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Having coffee with Cornelius Eady: Authentic voice

By Kerry Temple ’74

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Cornelius Eady is a poet. One of his eight books, The Gathering of My Name, was nominated for a Pulitzer Prize in 1991. Another, Brutal Imagination, was a finalist for the National Book Award in Poetry in 2001. He and jazz composer Diedre Murray have collaborated on several works of musical theater, including Running Man

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Having coffee with Linda Przybyszewski: What to wear

By Kerry Temple ’74

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We had agreed to meet for coffee and talk fashion. I was wearing khaki chinos and a green plaid shirt—pretty much my daily uniform (though I don’t usually have toothpaste sprinkles on the front of my shirt as I do today). I don’t know what Linda Przybyszewski looks like (or how to pronounce her name), but I suspect she will be wearing something nice. I also suspect she may have made it herself (tipoff from a mutual friend) but know better than to ask (tipoff from my mother—years ago, the thinking being that your inquiry suggests the outfit must look suspiciously homemade).…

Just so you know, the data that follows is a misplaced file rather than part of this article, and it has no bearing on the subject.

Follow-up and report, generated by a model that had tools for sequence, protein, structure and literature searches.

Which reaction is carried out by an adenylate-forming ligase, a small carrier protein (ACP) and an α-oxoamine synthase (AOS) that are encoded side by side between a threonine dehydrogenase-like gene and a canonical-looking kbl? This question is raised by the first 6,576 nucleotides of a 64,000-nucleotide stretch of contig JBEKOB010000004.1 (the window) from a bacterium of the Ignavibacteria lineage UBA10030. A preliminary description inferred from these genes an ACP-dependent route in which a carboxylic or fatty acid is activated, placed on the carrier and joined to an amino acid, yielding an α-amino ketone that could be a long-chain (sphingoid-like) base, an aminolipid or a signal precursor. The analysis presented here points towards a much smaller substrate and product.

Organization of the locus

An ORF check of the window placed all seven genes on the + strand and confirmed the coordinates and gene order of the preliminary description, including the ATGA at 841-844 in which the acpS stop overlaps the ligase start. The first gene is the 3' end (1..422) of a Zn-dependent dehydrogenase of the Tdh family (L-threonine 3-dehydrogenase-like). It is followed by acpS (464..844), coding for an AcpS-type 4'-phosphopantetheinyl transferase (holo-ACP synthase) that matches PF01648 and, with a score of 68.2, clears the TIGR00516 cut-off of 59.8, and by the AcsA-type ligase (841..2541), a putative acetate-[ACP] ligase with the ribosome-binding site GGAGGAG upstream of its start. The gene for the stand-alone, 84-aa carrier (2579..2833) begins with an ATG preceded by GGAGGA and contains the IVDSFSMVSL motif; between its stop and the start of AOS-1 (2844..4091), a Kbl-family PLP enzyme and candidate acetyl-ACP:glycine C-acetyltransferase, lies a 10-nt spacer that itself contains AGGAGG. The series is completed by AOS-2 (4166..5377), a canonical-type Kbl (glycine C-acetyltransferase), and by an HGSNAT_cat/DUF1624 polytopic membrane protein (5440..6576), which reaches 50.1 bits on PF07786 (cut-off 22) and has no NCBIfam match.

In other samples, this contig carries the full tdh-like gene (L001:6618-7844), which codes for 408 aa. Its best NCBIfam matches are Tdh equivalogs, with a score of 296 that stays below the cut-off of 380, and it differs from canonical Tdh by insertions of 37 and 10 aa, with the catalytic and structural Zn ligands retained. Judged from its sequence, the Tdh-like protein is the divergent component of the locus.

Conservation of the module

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Editor's note: What's Happening Here?

By Kerry Temple ’74

It hit me at Jim Wensits’ retirement dinner.

Jim is Carol Schaal’s husband — Carol ‘91M.A. being this magazine’s managing editor and a colleague of mine for 20 years. Jim was retiring from the South Bend Tribune after 41 years. During his career Jim had covered the police beat, politics and government. He had written a country music column for 14 years and had served as an editorial page writer and editor. It was Jim’s scrupulous reporting that helped lead to the arrest and conviction of a local sheriff who had been taking bribes from a South Bend madame.…

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Editor's Note: What's a person to do?

By Kerry Temple ’74

It’s always bothered me that we’ve never used recycled paper to produce the print issue of Notre Dame Magazine.